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NFV and SDN Demo Showcased for Transforming Telecom Carrier Central Offices

By Peter Bernstein June 19, 2015

The Open Networking Summit has drawn to a close this week in Santa Clara, CA, and there was certainly a lot to take in.  This included a variety of announcements from the industry heavyweights who are active participants in Open Network Forum (ONF) activities to help accelerate the adoption of network functions virtualization (NFV) and software-defined networking (SDN). However, something that really caught the eye of attendees was a demonstration project aimed at the transformation of telecommunications service providers’ central offices.  Yes, those central offices who in the future may be called office central data centers.

The reason for my proposal of a name change was the showcasing of the Central Office Re-architected as Datacenter (CORD) proof-of-concept (POC) which is being stewarded by ON.Lab and its Open Networking Operating System (ONOS) project. The central office remake project is being done in cooperation with AT&T as the service provider and with PMC-Sierra and Sckipio as providers of merchant silicon hardware components.  

This is no simple makeover, but rather a total transformation that is being proposed to in essence make telecom carrier central office virtually (pardon the play on words) identical to the hyperscale data centers of the likes of Google and AWS with of course an NFV wrinkle.  In short, the goal is making carrier functionality run workloads on white-boxes under open source software orchestration and control in an almost totally virtualized “E”vrionment.

"CORD enables service providers to build an underlying common infrastructure with white boxes using ONOS (carrier-grade open source SDN control plane), OpenStack (virtual infrastructure management) and XOS (an open source service orchestration/management platform built on OpenStack) with a diversity of organizations building the services and solutions that ride above," ON.Lab said in its press release describing the project.  They added that:  "In effect, this common infrastructure replaces the fragmented, non-commodity one in today's central offices where each site hosts more than 300 unique deployed appliances, each requiring a physical install and specialized management.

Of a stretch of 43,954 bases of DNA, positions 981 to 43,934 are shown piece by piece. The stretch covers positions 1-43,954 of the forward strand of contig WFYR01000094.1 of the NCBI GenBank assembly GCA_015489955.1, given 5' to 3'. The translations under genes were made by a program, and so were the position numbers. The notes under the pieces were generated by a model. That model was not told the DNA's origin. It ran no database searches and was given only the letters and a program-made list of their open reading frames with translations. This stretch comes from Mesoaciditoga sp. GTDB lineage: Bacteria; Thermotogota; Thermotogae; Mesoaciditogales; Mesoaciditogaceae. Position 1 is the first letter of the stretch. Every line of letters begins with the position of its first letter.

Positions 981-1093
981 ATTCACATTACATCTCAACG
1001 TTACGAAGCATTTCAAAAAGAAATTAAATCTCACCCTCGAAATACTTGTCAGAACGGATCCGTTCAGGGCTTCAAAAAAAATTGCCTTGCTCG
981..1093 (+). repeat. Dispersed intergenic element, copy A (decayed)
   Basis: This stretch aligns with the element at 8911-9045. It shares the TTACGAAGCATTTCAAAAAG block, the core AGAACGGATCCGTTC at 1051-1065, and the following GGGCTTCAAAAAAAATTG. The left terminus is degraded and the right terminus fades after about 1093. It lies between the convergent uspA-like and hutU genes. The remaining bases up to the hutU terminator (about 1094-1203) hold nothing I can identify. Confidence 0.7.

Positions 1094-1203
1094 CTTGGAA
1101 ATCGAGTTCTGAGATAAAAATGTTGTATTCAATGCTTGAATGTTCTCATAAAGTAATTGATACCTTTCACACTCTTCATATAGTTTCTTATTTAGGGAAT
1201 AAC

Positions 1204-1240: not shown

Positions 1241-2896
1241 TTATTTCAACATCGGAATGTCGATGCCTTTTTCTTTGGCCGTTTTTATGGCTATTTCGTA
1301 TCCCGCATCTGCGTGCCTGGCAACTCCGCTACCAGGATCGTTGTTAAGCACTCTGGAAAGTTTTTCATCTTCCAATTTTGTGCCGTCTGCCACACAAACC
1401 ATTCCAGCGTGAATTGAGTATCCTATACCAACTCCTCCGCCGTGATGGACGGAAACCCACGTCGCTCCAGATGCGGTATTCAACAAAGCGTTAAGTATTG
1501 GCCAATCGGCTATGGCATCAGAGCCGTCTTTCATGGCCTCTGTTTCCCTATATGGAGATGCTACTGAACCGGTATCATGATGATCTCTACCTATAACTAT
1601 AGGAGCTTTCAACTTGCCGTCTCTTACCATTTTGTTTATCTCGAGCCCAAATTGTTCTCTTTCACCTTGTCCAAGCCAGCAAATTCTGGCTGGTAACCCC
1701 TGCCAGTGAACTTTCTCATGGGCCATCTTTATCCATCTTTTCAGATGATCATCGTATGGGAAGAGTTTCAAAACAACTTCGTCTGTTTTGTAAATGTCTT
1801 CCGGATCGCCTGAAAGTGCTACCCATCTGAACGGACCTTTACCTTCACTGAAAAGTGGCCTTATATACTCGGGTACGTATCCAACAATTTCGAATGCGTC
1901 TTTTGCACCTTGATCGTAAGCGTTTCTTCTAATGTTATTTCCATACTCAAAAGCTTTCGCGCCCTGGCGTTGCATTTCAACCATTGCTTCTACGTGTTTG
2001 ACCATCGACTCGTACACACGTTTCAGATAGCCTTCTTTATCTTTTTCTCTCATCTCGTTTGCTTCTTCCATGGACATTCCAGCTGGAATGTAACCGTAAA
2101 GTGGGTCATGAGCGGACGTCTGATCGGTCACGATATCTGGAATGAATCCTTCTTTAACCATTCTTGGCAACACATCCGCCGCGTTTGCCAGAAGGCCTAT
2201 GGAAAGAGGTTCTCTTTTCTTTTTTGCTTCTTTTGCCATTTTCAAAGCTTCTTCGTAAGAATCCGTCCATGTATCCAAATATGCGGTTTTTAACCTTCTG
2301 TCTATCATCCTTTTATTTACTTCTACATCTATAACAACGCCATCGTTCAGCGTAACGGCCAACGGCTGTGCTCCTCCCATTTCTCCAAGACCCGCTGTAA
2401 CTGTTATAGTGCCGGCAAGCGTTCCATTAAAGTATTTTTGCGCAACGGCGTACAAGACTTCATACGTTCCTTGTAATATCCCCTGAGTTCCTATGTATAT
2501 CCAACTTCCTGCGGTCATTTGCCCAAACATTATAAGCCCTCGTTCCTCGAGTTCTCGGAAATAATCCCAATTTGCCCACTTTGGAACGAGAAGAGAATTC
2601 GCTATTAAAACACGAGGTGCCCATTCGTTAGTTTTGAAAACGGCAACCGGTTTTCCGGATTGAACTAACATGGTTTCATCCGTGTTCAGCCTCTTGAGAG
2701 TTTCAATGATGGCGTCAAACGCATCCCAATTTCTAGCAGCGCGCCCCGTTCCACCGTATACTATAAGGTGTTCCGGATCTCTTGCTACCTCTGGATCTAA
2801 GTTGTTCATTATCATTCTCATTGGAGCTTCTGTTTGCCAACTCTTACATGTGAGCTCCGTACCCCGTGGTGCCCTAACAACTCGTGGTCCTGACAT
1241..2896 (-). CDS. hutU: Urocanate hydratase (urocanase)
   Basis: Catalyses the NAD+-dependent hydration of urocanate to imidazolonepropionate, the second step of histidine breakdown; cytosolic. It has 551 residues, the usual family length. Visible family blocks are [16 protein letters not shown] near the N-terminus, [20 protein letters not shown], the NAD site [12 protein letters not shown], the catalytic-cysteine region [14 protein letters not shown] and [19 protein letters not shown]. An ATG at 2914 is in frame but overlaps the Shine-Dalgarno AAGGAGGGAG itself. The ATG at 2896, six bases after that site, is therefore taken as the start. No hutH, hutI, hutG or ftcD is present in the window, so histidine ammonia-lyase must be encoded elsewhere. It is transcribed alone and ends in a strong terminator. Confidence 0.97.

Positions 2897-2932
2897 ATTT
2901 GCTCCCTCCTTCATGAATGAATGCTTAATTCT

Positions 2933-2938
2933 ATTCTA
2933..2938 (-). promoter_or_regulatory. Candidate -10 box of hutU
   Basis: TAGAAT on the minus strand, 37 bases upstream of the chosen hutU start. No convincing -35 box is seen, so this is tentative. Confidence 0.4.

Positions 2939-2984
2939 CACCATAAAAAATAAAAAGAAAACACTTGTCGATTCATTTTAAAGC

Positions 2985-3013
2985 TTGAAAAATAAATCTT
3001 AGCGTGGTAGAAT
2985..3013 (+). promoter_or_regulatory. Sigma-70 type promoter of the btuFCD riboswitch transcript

As further showcased were the CORD’s benefits for service providers, subscribers and third-party providers.  Cited as key capabilities were the following—  

Service Providers

  • SDN control, orchestration and management with ONOS, OpenStack and XOS on commodity infrastructure.
  • An open high-performance leaf-spine fabric.
  • OpenFlow-enabled PON OLT MAC hardware enabling virtualization of the traditional Optical Line Termination (OLT).
  • OpenFlow-enabled G.fast distribution point unit (DPU).
  • Access-as-Service, Subscriber-as-a-Service, Internet-as-a-Service, Caching/Content Delivery-as-a-Service, virtualized functions including firewall, URL filtering, parental control and Broadband Network Gateway (BNG).
  • Service provider portal for intuitive provisioning, management and monitoring of infrastructure and services.

Subscribers

  • Simple customer premises equipment (CPE) that replaces existing complex CPEs and can be managed by ONOS.
  • Internet, firewall, parental control services.
  • Subscriber portal for signing up for and managing services.
  • For third-party providers, they are:
  • Content delivery (caching) for their own content in the service provider network.
  • Third-party provider portal for signing up for and managing services.

"SDN and NFV are speeding up innovation, as seen in projects like CORD," said AT&T exec Tom Anschutz. "These technologies create systems that do not need new standards to function and enable new behaviors in software, which decreases development time. Faster development time leads to rapid innovation, something the industry needs to continue satisfying data-hungry customers."

Next steps for CORD include making it ready for service provider testing by the end of this year, and the forthcoming release by ON.Lab of the next iteration of the ONOS data center operating system due in August which is the foundation of CORD. 

In fact, it should be noted that ONOS recently made news when in conjunction with Internet2 group at Indiana University.  ONOS will be on Internet2's national research and education network that will connect five U.S. universities —Duke University, Florida International University, Indiana University, University of Maryland, College Park, and the University of Utah —in order to advance their inter-networking capabilities.

In short, this is not going to be about cutting the cord but virtualizing it to meet the demands of a connected, data-driven world where a premium is placed on cost-effective scalability, agility, security and ease-of-use and management.  




Edited by Maurice Nagle
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